Lesson #25 : The Shutdown

Before delving into the quagmire of politics in the U.S.A., allow me to correct a point from Friday’s JuicyLesson (#23) entitled Comparative Politics, Part II. I stated that the Canadian Senate is legally entitled to delay the passage of money bills for a period of two months or so I thought at the time. That is incorrect. Our Senate does in fact possess a suspensive veto but this pertains to constitutional amendments and it is for a period of 180 days. A law passed in 1982, at the time when the BNA Act was patriated as the Canada Act by the federal Liberal government of Pierre Trudeau, states that the Commons has the right to pass any amendment for a second time in the absence of Senate approval of that amendment after the 180-day period has elapsed. At that time, that amendment becomes law.

The Shutdown

What has happened in the United States is this: a while ago, the Senate and the American House of Representatives both passed the Affordable Care Act, aka Health Reform Act, Obamacare which established a Medicare system in the U.S. This Act had been proposed by the President. Now the government is shut down as a result of the House Republicans refusing to give their approval to the budget. Since Republicans form the majority in the House, the budget cannot pass.

House Republicans are balking and have stated that they will approve the budget if full implementation of the Affordable Care Act be delayed by a year. (Note: this Act was partly implemented last week when approximately fifty million Americans, who, for financial reasons for the most part never had health insurance, were finally enfranchised by the system. We’ll be looking at this in more detail possibly in tomorrow’s JuicyLesson (#26) but definitely in the coming week.)

So the shutdown occurred as a result of the failure of the Republican-controlled House of Representatives to approve the budget. The G.O.P. (Grand Old Party, Republicans) has taken this tack as a way of pressuring the White House to make changes in the Health Reform Act, or to eliminate it completely even though, as I have already said, this Act had already been passed into law a few weeks ago.

Without budget approval, some federal government services are closed (ex. museums, national parks, libraries, etc. things that are free, and the workers providing these services as well as civilians working in the various national (federal) government departments have been furloughed, that is, laid off for the duration of this particular shutdown (there was another one in 2011). Further, the shutdown has delayed the payment of federal government subsidies and small business loans. Also, there is significant danger attached to a shutdown extending beyond October 17th, the American economy could go into severe recession as a result of the debt ceiling issue. (See below.)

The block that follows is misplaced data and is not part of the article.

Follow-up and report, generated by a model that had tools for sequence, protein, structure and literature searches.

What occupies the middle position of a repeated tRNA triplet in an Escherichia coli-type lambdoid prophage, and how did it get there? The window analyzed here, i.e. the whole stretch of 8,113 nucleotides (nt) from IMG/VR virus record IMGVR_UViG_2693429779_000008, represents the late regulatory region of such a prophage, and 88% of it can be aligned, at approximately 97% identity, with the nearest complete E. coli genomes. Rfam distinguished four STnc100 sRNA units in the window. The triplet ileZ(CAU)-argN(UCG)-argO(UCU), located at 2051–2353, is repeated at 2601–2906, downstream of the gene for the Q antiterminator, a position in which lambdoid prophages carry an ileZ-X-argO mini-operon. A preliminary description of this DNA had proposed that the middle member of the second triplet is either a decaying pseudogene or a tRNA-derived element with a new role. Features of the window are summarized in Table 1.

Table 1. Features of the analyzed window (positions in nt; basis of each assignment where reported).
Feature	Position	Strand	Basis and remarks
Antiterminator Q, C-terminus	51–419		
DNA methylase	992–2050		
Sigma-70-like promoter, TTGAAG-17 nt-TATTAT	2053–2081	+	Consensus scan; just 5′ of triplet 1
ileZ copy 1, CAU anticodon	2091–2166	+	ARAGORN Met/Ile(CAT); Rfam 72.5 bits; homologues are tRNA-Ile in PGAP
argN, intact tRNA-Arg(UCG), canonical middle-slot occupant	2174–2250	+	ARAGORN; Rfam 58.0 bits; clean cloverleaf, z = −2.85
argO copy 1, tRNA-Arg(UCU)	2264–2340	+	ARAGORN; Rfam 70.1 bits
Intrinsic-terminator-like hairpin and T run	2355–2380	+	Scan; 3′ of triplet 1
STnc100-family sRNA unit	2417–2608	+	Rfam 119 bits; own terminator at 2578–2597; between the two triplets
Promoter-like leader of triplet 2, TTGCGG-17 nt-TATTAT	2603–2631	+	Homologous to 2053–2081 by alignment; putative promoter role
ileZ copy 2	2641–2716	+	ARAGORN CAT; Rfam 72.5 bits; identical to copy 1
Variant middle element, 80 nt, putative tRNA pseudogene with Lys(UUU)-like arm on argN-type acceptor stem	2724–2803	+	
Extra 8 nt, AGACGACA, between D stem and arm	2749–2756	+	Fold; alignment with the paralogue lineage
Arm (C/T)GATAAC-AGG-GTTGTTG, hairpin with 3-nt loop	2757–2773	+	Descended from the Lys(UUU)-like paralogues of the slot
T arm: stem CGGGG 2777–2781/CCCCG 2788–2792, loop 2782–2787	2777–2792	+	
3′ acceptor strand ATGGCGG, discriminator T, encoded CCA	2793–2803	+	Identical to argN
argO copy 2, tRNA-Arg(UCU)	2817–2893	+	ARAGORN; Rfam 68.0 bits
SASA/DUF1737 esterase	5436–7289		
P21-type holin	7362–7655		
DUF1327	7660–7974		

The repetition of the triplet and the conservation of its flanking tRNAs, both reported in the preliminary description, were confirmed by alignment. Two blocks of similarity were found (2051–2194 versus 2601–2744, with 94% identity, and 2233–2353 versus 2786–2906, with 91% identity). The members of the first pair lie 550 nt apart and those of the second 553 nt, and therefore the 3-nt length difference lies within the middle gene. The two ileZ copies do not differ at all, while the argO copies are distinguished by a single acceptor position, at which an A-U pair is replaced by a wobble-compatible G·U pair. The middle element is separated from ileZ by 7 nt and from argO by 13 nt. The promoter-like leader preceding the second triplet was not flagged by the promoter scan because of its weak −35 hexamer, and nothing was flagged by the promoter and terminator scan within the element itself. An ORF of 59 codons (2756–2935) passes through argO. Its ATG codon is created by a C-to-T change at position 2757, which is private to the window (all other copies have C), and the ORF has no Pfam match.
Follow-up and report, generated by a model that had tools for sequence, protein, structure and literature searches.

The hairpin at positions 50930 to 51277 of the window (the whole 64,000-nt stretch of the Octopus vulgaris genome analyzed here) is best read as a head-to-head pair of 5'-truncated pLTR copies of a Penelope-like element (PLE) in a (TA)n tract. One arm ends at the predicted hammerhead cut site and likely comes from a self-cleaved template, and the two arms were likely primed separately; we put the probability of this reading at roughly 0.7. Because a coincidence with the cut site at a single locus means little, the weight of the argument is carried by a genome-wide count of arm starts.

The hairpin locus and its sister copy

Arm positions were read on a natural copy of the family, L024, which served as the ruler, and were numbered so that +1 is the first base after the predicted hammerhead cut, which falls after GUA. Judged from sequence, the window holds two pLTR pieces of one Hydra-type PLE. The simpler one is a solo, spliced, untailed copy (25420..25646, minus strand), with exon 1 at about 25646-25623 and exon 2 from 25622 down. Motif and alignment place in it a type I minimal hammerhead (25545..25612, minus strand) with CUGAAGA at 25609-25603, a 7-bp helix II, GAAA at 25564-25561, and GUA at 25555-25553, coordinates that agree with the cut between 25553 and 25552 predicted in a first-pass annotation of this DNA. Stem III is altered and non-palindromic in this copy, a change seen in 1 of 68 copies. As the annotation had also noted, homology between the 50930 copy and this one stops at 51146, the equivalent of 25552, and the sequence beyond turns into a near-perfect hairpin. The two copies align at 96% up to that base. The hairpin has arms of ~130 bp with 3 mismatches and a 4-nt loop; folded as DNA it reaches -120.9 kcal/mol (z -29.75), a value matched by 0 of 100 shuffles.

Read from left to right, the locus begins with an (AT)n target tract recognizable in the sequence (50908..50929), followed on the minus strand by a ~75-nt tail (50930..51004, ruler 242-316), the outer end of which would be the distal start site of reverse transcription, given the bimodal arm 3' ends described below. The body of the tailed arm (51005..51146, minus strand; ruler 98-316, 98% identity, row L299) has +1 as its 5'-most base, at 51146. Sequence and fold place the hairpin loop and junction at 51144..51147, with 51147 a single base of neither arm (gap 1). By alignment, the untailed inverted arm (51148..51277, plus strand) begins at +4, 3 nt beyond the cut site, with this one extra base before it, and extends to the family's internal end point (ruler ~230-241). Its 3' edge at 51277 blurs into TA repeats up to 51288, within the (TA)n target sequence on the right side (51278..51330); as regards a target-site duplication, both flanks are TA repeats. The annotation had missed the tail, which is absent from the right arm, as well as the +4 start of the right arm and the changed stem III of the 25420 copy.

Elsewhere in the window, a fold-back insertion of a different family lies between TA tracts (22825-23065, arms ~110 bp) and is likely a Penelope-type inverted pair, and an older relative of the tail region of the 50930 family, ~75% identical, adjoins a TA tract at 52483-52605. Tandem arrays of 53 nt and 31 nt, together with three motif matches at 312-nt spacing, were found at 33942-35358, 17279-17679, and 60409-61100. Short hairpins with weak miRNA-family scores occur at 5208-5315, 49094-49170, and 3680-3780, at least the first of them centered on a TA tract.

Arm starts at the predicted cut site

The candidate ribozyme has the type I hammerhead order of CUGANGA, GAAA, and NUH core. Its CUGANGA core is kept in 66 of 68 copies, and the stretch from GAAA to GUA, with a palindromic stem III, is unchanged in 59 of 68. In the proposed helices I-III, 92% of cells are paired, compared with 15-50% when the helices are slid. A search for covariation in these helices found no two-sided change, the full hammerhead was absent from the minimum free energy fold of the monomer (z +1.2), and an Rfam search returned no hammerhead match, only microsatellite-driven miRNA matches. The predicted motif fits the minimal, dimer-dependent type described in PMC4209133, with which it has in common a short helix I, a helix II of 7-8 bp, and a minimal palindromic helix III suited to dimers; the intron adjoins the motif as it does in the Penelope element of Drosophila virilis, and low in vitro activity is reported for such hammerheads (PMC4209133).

Right now, the shutdown has gone on for a week; the stated reason for it is that some House Republicans want to de-fund ObamaCare, something which would be impossible to do right now if they went ahead and approved the budget. So they are refusing to pass the budget thus effectively scuttling their federal political system thereby shutting down the government in Washington and in all federal government offices across the country. This government is seventeen trillion dollars in debt which brings up the aforementioned debt ceiling. If the debt ceiling, which is part of the budget, is not raised by October 17th, ten days from now, the U.S. will be in default, that is it will not be able to pay it’s bills. One result of this would be that America’s credit rating would be revised downward, meaning that the U.S. would have to pay a higher rate of interest when it borrows money than it does now, something which is bound to negatively affect its entire economy, and, by extension, ours. When the U.S. sneezes, the rest of the world catches cold.